8. Document Request.  The taxpayer’s representative should require the agent to submit in writing requests for information about the taxpayer and for all records which the agent desires to  review.  The purpose of this is to maintain a record of the documents requested by the agent so the representative will be able to determine which records have or have not been examined by the agent.  This becomes extremely helpful in the future if the audit develops into a fraud referral since the taxpayer will know what records have already been submitted to the agent.  Just because the agent asks for certain documents does not necessarily mean that the agent is entitled to the documents.  Review with the agent the purpose of the documents to determine if they are relevant to the examination.  If the documents are not relevant to the examination, then the agent should not be given the documents. Once the agent has completed his use for any of the taxpayer’s records, they should be removed from his possession before any additional records are given to him.  Further, the agent should not be given free access to copy all of the taxpayer’s books and records.  The representative should make a record of all documents that the agent requests and also keep detailed notes concerning all verbal inquiries of the agent.
  9. Relevant Matters.  Only those items which are relevant to the examination of the tax return should be produced for the agent’s review.  If it is found that the agent is making a request for records which have no relevancy to the tax return or is asking questions which have no relevancy, then the representative should resist turning over such information and answering the agent’s questions in this regard.
  10. Interview of the Taxpayer.
    • The representative should conduct an intensive interview with the taxpayer concerning the year(s) under audit to fully develop the facts for and against the taxpayer.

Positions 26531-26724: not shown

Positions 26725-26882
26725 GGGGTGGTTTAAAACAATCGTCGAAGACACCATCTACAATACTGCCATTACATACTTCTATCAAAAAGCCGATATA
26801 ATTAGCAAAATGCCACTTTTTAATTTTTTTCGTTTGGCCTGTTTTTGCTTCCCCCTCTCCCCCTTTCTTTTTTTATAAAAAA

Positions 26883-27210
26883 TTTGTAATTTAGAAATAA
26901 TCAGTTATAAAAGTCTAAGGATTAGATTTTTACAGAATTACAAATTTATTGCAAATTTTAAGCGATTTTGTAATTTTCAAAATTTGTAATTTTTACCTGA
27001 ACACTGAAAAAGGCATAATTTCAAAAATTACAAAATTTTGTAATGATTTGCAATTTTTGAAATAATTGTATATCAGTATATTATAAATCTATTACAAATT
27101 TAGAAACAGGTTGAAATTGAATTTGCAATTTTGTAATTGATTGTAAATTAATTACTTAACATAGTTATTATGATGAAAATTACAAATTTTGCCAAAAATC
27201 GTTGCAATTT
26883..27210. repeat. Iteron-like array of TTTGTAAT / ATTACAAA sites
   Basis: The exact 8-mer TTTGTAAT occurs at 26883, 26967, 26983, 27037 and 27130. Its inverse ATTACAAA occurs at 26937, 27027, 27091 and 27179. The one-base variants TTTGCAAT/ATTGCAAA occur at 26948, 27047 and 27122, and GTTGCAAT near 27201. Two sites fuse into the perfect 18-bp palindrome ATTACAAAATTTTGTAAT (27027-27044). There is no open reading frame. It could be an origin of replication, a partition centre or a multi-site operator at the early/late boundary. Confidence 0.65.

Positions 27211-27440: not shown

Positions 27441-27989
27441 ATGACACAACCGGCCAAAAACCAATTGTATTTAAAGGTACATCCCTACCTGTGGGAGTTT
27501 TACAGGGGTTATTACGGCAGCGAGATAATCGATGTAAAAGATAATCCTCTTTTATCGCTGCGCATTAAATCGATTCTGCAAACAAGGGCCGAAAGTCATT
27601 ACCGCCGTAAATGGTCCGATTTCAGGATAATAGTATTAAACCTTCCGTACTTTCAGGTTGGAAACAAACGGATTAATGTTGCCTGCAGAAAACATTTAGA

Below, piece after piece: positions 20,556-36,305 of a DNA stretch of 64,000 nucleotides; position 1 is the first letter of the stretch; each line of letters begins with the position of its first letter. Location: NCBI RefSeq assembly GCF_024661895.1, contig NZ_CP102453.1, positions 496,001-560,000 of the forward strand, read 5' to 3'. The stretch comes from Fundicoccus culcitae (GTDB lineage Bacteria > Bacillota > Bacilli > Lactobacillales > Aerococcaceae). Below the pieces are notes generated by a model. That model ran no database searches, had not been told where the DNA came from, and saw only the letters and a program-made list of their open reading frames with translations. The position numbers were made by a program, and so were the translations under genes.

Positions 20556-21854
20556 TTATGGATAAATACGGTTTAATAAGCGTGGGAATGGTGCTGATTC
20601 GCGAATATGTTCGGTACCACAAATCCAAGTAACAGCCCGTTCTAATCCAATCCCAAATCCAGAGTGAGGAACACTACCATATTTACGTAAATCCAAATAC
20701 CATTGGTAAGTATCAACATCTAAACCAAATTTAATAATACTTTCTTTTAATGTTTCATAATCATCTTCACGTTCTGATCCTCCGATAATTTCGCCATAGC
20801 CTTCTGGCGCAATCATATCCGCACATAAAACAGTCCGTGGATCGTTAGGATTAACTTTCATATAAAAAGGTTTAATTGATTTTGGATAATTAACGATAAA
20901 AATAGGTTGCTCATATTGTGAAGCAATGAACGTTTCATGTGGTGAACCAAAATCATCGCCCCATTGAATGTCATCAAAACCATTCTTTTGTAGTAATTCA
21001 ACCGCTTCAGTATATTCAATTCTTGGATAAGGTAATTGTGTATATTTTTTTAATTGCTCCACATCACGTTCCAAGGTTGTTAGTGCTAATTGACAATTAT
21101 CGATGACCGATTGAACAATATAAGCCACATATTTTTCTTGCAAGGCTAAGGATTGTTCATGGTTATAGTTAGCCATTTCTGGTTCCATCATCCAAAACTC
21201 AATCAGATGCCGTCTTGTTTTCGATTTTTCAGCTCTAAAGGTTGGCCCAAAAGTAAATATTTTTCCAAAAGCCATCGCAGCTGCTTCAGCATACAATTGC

• The IRS has previously had a policy to interview the taxpayer at the beginning of the audit.  However, pursuant to the Taxpayer’s Bill of Rights, the taxpayer is not required to appear for an interview without a summons being issued.  However, the agent may insist on the interview.  It appears that the agents have a number of standard questions that they are required to ask the taxpayer, such as “how much money do you have in your pocket,” “what is your net worth,” etc. Most of these questions seem to be totally irrelevant to any examination and a decision must be made based on the individual’s situation as to whether or not the agent will be permitted to interview the taxpayer.  Since the IRS desires to interview the taxpayer prior to the audit, less harm may be done by allowing the taxpayer to be interviewed at this time with the representative controlling the interview.  It appears that most of these interviews are lasting less than 30 minutes and since most of the questions become totally irrelevant to the audit, little harm may be done by allowing the interview.  Allowing the agent to interview the taxpayer initially before the agent has fully developed the case may be a benefit to the taxpayer as the audit progresses since, should the agent request a second interview, the agent can be told that he has already had his chance to interview the taxpayer. Resisting the interview initially may cause difficulty with the agent and prolong the audit.  In addition, the IRS has authority to summons the taxpayer should it so desire.  In any event, if the taxpayer is allowed to be interviewed, the agent should not be allowed to ask the taxpayer questions which are irrelevant to the audit and the representative should instruct the taxpayer not to answer such questions.  There are a number of reasons for the taxpayer not being present when the representative meets with the agent.  First, most taxpayers have no perception of an IRS examination.  To the detriment of the taxpayer, some have a tendency to talk too much and steer the agent to other issues in which the agent becomes entangled to the detriment of the taxpayer.  If the agent has a question, it is better for the representative to be asked the question and have time to evaluate the answer and determine whether or not any documents requested do exist.  If the representative andthe taxpayer are meeting with the agent, then the representative and the taxpayer are placed on the spot of immediately answering the question or producing the records requested by the agent.  Also, the representative and the taxpayer’s employees should not engage in any social activities, including lunch, with the agent. Being too friendly and helpful to the agent almost always ends up hurting the taxpayer.